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Transparent Aerogel Traps Solar Heat

July 10, 2019
The amount of heat these new aerogels trap could make them useful for powering factories and heating buildings.

A newly developed aerogel made mostly of air surrounding a silica structure  is so transparent you can barely see it. But it could hold the key to unlocking new applications for solar heating. It traps much higher temperatures of solar heat than conventional solar collectors do. In fact, it can trap enough to be heat homes or carry out industrial processes, more than 392°F (200°C).

The aerogel, which was developed at MIT, lets sunlight pass through easily but blocks solar heat from escaping. The key to key to efficiently collecting of solar heat is the ability to keep something hot internally while remaining cold on the outside. One way of doing that is by sandwiching a vacuum between a layer of glass and layer of dark, heat-absorbing material. This is method used in many concentrating solar collectors but is relatively expensive to install and maintain. There has been great interest in finding less-expensive, passive ways to collect solar heat at higher temperatures and use it for heating houses and building, cooking food, and many industrial processes.

The new aerogel insulating material is highly transparent, transmitting 95% of light. In this photo, parallel laser beams make the material visible.

Aerogels, a kind of foam-like material made of silica particles, have been developed for years as highly efficient and lightweight insulating materials, but they have generally had limited transparency to visible light, with around a 70% transmission level. Developing aerogels transparent enough to work for solar heat collection was a four-year project involving several MIT researchers. But the result is an aerogel that lets through over 95% of incoming sunlight while maintaining its highly insulating properties.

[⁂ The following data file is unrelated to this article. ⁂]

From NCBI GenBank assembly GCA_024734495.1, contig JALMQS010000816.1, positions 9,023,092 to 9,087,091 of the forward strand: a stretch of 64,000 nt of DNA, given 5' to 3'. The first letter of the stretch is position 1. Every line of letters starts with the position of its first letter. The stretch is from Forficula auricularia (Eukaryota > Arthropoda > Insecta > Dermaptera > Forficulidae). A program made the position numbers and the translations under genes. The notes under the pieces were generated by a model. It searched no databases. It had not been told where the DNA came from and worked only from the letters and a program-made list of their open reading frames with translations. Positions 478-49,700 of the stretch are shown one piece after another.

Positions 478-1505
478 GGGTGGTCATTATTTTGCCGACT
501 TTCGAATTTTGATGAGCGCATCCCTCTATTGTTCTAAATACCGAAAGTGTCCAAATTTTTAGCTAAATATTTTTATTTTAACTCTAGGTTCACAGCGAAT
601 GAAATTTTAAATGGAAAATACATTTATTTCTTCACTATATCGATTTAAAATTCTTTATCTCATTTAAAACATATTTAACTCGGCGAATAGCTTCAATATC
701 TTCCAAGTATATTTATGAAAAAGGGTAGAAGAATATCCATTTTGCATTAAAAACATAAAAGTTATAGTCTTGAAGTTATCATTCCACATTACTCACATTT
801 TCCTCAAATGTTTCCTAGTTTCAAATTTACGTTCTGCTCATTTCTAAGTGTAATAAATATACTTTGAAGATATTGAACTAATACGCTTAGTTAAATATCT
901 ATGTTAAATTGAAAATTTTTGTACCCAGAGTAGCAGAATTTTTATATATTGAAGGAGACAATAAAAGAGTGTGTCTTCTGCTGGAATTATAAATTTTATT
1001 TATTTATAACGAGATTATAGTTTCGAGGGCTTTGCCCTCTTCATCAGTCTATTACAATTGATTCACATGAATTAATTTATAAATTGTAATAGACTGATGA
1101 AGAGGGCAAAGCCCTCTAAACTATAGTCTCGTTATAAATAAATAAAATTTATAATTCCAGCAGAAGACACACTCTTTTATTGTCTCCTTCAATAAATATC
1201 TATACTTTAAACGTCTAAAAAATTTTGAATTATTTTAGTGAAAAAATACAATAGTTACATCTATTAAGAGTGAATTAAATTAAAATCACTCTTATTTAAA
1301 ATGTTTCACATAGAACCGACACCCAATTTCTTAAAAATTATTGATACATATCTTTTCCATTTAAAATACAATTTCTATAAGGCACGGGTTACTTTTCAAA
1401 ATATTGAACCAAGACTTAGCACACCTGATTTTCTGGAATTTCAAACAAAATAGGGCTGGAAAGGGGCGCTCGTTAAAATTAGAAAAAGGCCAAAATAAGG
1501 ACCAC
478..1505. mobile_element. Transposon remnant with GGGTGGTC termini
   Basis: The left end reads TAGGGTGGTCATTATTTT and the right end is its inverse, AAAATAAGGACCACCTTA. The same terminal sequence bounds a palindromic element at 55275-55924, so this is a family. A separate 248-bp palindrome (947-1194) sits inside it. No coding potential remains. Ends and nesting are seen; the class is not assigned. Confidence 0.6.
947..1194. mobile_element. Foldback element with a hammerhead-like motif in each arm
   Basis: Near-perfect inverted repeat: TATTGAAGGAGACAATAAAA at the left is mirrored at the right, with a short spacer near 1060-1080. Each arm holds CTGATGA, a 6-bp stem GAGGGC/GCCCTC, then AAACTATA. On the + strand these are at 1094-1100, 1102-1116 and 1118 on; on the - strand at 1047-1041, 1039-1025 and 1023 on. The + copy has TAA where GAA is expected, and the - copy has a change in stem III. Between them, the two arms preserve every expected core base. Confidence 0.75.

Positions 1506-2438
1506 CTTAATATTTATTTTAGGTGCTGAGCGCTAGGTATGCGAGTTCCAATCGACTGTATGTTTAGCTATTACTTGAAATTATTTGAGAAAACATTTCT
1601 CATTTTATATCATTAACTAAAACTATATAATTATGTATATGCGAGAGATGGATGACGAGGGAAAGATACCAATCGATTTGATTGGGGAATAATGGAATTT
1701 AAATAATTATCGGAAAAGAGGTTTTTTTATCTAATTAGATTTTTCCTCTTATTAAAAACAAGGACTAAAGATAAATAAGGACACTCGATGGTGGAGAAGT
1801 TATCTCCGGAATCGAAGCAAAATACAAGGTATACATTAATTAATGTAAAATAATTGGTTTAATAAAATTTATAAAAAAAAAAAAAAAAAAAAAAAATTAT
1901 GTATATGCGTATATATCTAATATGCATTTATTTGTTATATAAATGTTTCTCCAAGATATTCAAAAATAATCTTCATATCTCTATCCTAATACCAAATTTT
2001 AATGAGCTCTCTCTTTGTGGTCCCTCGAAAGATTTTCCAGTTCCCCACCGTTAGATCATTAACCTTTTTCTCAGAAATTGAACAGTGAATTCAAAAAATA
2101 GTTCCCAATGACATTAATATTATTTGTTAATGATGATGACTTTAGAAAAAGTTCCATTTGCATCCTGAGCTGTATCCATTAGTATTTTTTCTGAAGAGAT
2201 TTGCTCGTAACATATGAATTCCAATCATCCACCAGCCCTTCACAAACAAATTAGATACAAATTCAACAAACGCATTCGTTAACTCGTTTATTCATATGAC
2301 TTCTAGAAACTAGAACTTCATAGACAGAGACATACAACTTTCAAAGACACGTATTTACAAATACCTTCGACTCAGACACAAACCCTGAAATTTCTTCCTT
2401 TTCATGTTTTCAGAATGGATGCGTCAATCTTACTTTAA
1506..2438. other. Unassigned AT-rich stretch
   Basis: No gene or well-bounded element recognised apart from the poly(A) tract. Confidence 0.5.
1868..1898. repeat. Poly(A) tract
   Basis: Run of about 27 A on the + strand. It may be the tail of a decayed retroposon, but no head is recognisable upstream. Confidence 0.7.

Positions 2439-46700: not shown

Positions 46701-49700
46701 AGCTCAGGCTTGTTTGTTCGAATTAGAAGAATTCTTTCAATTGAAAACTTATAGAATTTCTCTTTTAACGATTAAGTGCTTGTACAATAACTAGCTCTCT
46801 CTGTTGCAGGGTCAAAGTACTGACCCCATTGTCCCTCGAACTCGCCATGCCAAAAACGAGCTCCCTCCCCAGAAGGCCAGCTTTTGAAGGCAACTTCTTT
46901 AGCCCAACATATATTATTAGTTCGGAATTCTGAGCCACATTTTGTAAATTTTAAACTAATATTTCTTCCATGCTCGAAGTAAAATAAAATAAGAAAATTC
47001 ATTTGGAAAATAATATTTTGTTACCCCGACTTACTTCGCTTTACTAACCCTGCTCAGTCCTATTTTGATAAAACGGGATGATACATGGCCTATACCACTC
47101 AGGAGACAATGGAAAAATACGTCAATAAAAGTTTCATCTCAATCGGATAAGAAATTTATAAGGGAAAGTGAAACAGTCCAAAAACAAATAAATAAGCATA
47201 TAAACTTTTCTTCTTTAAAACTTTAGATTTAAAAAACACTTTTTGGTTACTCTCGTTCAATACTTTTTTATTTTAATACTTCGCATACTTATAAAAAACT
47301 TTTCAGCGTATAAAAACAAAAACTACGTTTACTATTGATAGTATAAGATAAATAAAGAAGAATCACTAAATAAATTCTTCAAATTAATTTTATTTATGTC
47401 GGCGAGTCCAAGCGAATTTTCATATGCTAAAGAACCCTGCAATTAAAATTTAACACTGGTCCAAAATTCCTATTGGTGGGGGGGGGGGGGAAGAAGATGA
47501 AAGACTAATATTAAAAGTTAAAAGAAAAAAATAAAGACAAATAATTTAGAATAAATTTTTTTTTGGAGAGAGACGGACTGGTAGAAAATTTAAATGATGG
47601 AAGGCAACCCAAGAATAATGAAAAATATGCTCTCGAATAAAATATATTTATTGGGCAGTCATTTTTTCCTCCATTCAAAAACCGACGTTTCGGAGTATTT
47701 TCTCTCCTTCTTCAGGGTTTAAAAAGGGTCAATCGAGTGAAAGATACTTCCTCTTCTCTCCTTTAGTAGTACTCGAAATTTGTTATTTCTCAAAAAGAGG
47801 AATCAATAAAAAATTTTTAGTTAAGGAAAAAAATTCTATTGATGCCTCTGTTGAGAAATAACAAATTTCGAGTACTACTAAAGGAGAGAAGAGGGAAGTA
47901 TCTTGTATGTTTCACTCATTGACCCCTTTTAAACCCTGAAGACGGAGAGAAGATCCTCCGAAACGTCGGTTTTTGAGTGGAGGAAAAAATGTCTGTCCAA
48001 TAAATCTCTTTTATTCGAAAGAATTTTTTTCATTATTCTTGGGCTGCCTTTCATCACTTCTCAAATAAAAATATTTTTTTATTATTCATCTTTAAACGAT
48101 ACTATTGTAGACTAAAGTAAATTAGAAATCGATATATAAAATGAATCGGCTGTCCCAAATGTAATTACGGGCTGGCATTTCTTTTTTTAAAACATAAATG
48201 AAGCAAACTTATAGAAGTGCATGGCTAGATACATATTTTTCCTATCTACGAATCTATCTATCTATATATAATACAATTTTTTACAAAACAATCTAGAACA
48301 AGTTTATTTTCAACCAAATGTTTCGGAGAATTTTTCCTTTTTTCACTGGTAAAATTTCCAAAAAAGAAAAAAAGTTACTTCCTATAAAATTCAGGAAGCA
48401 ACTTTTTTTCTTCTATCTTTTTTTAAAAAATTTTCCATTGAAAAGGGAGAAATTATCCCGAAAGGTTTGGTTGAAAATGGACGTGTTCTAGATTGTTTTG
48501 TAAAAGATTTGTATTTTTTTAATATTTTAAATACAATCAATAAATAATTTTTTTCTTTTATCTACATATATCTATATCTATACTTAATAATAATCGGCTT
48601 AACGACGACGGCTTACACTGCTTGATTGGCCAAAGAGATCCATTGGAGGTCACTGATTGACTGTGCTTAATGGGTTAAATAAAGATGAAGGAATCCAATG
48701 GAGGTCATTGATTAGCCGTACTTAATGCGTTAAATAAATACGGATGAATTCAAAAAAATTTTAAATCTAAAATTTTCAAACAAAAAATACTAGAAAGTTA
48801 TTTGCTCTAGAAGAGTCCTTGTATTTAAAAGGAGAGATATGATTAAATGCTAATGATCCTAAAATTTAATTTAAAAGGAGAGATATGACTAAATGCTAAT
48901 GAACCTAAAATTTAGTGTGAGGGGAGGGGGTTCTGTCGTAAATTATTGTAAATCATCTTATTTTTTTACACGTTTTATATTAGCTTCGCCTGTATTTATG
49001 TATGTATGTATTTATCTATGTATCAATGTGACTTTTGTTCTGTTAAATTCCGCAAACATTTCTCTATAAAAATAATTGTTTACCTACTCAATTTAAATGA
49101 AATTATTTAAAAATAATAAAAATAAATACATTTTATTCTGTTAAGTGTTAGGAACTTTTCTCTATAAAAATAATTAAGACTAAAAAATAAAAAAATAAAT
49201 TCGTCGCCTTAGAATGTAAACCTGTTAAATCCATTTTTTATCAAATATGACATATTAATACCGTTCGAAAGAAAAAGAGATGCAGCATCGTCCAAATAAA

The key to making it work was in using precise ratios of the different materials used to create the aerogel, which are made by mixing a catalyst with grains of a silica-containing compound in a liquid solution. This forms a gel which is dried out to remove all the liquid, leaving a matrix made up of mostly air but retaining the original mixture’s strength. Coming up with a mix that dries out much faster than those used to make conventional aerogels let the team create a gel with smaller pore spaces between grains. Consequently, the light was scattered much less.

Such high temperatures have previously only been practical by using concentrating setups with mirrors to focus sunlight onto a central line or point. This new aerogel requires no concentration, however, making it simpler and less costly to concentrate solar heat.

In tests on a rooftop on the MIT campus, a passive device consisting of a heat-absorbing dark material covered with a layer of the new aerogel reached and maintained a temperature of 220°C in the middle of a Cambridge winter when the outside air was below 0°C.

The aerogel could beef up simple flat rooftop collectors. These are often used for domestic hot water, generating temperatures of around 80°C. But the higher temperatures enabled by the aerogel could make simple systems usable for home heating and air conditioning. Large-scale versions could provide heat for a wide variety of applications in chemical, food production, and manufacturing.

For most purposes, the passive heat collection system would be connected to pipes containing a liquid that could circulate to transfer the heat to wherever it’s needed. Alternatively, for some uses the system could be connected to heat pipes, devices that transfer heat over a distance without requiring pumps or any moving parts.

Because the principle is essentially the same, an aerogel-based solar heat collector could directly replace vacuum-based collectors used in some applications, providing a lower-cost option. The materials used to make the aerogel are all abundant and inexpensive; the only costly part of the process is the drying, which requires a device called a critical point dryer to carry out a precise drying process that extracts solvents from the gel while preserving its nanoscale structure.

Because that is a batch process rather than a continuous one that could be used in roll-to-roll manufacturing, it could be difficult to scale up to industrial production levels. But even now, a preliminary economic analysis shows that the system can be economically viable for some uses, especially in comparison to vacuum-based systems.

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